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ContinuousWave: The Whaler GAM or General Area
Brakes for a Montauk
|Author||Topic: Brakes for a Montauk|
posted 02-18-2002 01:38 AM ET (US)
I realize that just about anything can tow a Montauk, but throw in some hills, steep long winding ones, and the equation changes. I plan to take my Whaler to Lake Tahoe and have some concerns about slowing down. My Pontiac Montana mini-van has the tow package with heavy duty engine and tranny cooling, and auto leveling rear suspension. Never have I seen larger brakes in a tow package. Seems to me if you gotta get this heavier load moving, you gotta stop it! About $700 to add disc brakes to my trailer now. What do you guys think?
posted 02-18-2002 06:29 AM ET (US)
I don't think I would. I've towed my Montauk
to some of the gold country lakes and haven't
felt the need. And there's two big hills
each way to Monterey every weekend.
Wind resistance plus engine braking seems to
posted 02-18-2002 10:53 AM ET (US)
2 things...I doubt you need them and....$700 is an absolute ripoff. My SS discs on my Baja trailer were $350 and lasted a lowsy 4 years. BRAKES SUCK! But you need them unfortunately on bigger rigs. Ironic that un and fortune are in that word.
posted 02-18-2002 11:40 AM ET (US)
I tow mine with a stock Jeep Wrangler over the Santa Cruz Mountains (Highway 17) frequently without problems. You do need to drive carefully and keep speed down on the decents.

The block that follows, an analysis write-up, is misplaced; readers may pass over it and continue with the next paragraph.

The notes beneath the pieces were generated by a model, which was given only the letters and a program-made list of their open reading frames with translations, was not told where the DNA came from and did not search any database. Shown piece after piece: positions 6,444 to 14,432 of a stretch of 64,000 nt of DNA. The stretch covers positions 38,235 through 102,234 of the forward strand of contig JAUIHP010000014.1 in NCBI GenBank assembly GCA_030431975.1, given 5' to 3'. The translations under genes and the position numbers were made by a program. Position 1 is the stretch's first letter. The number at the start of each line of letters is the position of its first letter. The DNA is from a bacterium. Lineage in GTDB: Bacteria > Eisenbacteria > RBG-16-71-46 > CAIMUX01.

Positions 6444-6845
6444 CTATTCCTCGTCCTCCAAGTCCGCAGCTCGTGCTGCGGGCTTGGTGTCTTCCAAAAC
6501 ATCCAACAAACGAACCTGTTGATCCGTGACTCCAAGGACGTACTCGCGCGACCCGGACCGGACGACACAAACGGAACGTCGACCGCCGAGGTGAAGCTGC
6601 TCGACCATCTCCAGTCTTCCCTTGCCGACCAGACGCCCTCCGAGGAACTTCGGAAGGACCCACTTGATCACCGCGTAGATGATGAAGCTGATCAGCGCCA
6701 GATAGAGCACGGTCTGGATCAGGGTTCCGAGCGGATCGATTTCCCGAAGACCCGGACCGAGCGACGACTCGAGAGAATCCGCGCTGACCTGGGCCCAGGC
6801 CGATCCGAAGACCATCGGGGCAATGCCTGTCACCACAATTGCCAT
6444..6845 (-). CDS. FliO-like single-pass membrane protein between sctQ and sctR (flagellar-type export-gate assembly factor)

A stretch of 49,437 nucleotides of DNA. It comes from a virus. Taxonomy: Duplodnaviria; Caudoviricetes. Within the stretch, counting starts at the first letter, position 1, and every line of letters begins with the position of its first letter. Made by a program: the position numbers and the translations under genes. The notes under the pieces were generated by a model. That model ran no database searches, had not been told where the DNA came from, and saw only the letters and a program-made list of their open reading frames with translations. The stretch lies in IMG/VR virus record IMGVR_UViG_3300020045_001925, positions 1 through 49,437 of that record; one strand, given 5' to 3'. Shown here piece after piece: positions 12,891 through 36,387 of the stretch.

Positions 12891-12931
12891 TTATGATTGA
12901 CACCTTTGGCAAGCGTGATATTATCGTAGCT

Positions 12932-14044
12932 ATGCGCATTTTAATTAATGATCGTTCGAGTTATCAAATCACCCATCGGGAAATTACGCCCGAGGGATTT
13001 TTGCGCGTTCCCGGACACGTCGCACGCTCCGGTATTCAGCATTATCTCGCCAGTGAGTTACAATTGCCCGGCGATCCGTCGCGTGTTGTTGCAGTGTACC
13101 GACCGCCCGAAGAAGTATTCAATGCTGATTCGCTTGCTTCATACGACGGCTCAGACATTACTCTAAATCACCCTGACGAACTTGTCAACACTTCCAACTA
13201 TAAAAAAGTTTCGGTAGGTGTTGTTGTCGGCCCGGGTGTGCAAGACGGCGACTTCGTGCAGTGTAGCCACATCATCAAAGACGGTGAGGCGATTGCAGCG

posted 02-18-2002 11:55 AM ET (US)
I really doubt that you will need trailer brakes. Just leave enough space ahead of you.
posted 02-18-2002 12:38 PM ET (US)
FISHNFF - you should be alright. Use your engine and tranny as possible - and don't be hesitant to pull your tranny down a notch. With the heavy duty engine and tranny with the transmission cooling, you will be just fine.
In my case, with a 17 OR, a 3/4 ton 4x4 pickup with a camper and surge brakes on the trailer, I will pull the transmission out of O/D into 3rd while going downhill and if going down a steep slope (in Idaho, Wyoming or Montana) and going slow enough (20 - 30 mph), I will pull it into 2nd. --- Jerry/Idaho
posted 02-18-2002 01:18 PM ET (US)
Looks like I'm way in the minority here but my $.02 anyway...I've hauled a Montauk and an Outrage 22' all over the country and I wouldn't be without trailer brakes on either one. The Montauk is a lot lighter than the Outrage to be sure, so there's less of an 800 lb. gorilla back there wanting to climb up your tail pipe, but there are conditions where the space you keep in front of you diminishes below what you need to stop in ways that are beyond your control. You don't need disc brakes for a Montauk (though if you're going to install brakes anyway, I'd recommend them), and you should be able to get either drums or discs for about half of what you've been quoted or less.
posted 02-18-2002 05:16 PM ET (US)
I tow my 18 Outrage (about a 3500# total load) without brakes, and my 25 with 4 wheel brakes. Admittedly, the 25 rig stops faster than the 18, but I still don't even think they're needed on an 18. As mentioned, transmission braking helps down steep hills, and you must allow more stopping/tailgating room when on the road. Anti-lock braking on the tow vehicle is also of some help. I have yet to see an 18 Outrage on a trailer equipped with brakes.
posted 02-18-2002 10:07 PM ET (US)
Thanks all for your opinions on the matter. While I do most of my towing with my 1993 Ford F-150 XLT 302 V-8 and have absolutely no problems, I was a little worried about my mini-van. I'll be sure to stay below the GVWR
and take it easy. The short jaunts I've taken lately prove to be fine. Thanks again.
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